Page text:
Higher Temperatures Generically Favor Slower-Growing Bacterial Species in Multispecies Communities

Simon Lax, Clare I. Abreu, Jeff Gore

Preprint posted on 2 July 2019

Article now published in Nature Ecology & Evolution at

Increasing temperature will favor bacteria with slower growth rates, possibly leading them to take over their faster-growing competitors

Selected by Defne Surujon

Categories: microbiology


Microbial communities are composed of multiple microbial species that interact with one another and with their common habitat. Such interactions determine the composition, diversity and function of the microbial ecosystem. Environmental perturbations, such as a change in the chemical composition, pH, temperature, or nutrient availability can drastically alter a microbial community. In a complex, multi-species ecosystem, a seemingly simple perturbation may have potentially surprising outcomes. Therefore, predictions on how a change in the environment affects the community composition, diversity and interactions is an exciting area of research.

Recently, researchers from the same lab that published this preprint presented a theoretical model that can predict the outcomes of community composition, in response to changes in the mortality rate (Abreu et al., 2019). The authors show that in a community, slow-growing species are predicted to perform better when mortality is low; and fast-growing species will dominate (become the only remaining species) when mortality is high (Abreu et al., 2019). At intermediate mortality rates, it is possible to have either coexistence of two or more species, or a bistable regime (where either species may dominate).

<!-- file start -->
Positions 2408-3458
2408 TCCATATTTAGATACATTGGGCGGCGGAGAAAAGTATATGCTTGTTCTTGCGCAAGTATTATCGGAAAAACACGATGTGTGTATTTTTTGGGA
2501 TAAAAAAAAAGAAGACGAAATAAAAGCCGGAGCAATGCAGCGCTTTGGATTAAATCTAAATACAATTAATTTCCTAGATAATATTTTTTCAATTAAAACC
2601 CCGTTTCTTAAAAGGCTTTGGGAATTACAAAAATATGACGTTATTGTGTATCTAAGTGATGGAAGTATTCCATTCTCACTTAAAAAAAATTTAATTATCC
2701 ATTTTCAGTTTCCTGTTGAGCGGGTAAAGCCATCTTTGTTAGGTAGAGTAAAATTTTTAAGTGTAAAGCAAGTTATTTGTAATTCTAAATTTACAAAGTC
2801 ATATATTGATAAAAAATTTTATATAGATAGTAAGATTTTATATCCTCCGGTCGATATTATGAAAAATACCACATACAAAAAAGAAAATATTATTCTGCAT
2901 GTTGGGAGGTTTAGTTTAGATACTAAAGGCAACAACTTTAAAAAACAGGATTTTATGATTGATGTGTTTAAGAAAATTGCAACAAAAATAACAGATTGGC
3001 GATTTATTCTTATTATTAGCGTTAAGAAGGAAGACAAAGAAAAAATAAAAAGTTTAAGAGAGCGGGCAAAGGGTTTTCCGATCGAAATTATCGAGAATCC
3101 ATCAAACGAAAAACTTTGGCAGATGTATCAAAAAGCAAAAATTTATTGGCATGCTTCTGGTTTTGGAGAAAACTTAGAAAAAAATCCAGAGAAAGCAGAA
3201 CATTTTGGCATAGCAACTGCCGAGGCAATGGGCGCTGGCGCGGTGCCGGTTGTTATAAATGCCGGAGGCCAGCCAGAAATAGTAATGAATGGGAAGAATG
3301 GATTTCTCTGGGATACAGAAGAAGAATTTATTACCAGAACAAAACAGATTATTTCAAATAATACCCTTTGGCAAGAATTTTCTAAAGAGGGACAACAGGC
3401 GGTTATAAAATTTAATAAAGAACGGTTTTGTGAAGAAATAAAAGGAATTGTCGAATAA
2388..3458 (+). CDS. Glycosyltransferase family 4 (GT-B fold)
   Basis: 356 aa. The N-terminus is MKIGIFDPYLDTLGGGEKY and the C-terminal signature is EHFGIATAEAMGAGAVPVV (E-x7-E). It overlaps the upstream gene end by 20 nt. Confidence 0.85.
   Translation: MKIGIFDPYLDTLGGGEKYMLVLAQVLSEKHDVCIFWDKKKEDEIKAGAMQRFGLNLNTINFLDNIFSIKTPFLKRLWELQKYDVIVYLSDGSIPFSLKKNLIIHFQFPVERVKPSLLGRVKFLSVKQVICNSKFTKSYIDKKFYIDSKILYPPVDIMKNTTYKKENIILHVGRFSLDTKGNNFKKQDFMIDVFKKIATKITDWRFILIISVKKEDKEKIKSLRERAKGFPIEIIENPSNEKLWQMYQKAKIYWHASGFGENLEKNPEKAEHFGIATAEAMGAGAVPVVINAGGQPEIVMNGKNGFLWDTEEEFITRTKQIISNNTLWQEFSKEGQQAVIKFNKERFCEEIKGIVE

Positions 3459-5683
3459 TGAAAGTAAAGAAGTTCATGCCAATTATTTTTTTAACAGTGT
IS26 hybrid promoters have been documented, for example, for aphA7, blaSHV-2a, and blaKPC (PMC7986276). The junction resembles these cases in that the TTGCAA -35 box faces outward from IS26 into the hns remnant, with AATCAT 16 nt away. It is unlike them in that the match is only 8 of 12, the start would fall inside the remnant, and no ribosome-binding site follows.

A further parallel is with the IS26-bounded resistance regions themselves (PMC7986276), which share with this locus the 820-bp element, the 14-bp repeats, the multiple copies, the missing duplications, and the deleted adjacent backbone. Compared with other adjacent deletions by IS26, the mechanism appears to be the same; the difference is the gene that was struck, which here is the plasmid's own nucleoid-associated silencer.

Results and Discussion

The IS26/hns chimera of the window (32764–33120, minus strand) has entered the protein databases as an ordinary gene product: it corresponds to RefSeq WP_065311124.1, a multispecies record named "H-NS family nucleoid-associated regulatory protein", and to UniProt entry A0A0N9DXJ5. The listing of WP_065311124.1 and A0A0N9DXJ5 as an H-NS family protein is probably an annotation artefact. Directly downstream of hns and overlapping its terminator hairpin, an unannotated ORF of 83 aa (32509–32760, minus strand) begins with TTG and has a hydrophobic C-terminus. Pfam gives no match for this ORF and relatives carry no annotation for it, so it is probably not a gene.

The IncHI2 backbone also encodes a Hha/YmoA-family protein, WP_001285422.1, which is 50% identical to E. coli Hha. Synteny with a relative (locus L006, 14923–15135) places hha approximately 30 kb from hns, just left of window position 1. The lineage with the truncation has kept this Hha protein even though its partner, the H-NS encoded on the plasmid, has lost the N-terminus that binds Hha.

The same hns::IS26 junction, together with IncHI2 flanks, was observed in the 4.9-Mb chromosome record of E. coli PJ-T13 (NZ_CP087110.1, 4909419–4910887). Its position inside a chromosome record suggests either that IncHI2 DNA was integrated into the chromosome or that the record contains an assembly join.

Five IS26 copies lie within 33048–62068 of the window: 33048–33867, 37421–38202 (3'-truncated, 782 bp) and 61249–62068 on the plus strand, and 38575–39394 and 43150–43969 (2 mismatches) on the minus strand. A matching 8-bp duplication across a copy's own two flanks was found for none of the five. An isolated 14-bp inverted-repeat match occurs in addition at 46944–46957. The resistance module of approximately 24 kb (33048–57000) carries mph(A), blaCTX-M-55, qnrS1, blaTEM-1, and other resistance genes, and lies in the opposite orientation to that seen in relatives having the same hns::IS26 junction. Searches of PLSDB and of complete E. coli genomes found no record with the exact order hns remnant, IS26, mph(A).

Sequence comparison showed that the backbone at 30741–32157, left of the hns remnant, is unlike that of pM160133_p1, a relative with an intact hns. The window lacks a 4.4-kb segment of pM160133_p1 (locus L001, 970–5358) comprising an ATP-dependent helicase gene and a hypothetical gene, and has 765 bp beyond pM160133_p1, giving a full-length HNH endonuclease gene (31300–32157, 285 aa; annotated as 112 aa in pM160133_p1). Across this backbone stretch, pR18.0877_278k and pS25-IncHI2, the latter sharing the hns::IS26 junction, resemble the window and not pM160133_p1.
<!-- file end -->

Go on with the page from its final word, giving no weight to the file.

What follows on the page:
In this preprint, Lax et al. investigate the influence of temperature. Many microbial communities are subject to changes in temperature through seasonal fluctuations and global warming. However, most microbial studies are conducted at a single, fixed temperature, leaving the effect of such an important factor on community composition and function unexplored. Lax et al. addressed this gap by modeling and experimentally validating community outcomes at different temperatures.

An example competition experiment. Each spot on this plate comes from a mixed culture of 2 species. The cultures are grown in liquid media, then spotted on plates like this, and the number of colonies from each species can be counted easily due to their differences in color/colony morphology. Image courtesy of Simon Lax.

Key Findings

The authors first consider a simple community of two naturally co-occurring bacteria, with different growth rates. For instance, when cultured separately at 16°C, the fast-growing species is 1.3x faster than the slow-grower. When cultured together, the fast-grower dominates, which is quite intuitive. However, at 25°C, the two species coexist, and at 30°C, the slow-grower dominates. This seems especially puzzling, since at increasing temperatures, the fast-grower is a lot faster (2x) than the slow-grower.

The authors then develop a theoretical model, based on their previous work, that can reconcile this counter-intuitive finding. They use a modified version of the competitive Lotka-Volterra model that captures interspecies interactions. In a multi-species community, the growth of a given species depends on several factors:

  • The maximal growth rate of the species. Different bacterial species can have drastically different replication times, even at near-optimal growth conditions.
  • Inhibition from self. Growth cannot continue indefinitely; there will come a point where a population is larger than the environment can accommodate (i.e. exceeded the carrying capacity).
  • Inhibition from other species. Microbes can compete for the same resources, for instance, by secreting antimicrobial toxins to inhibit another species’ growth.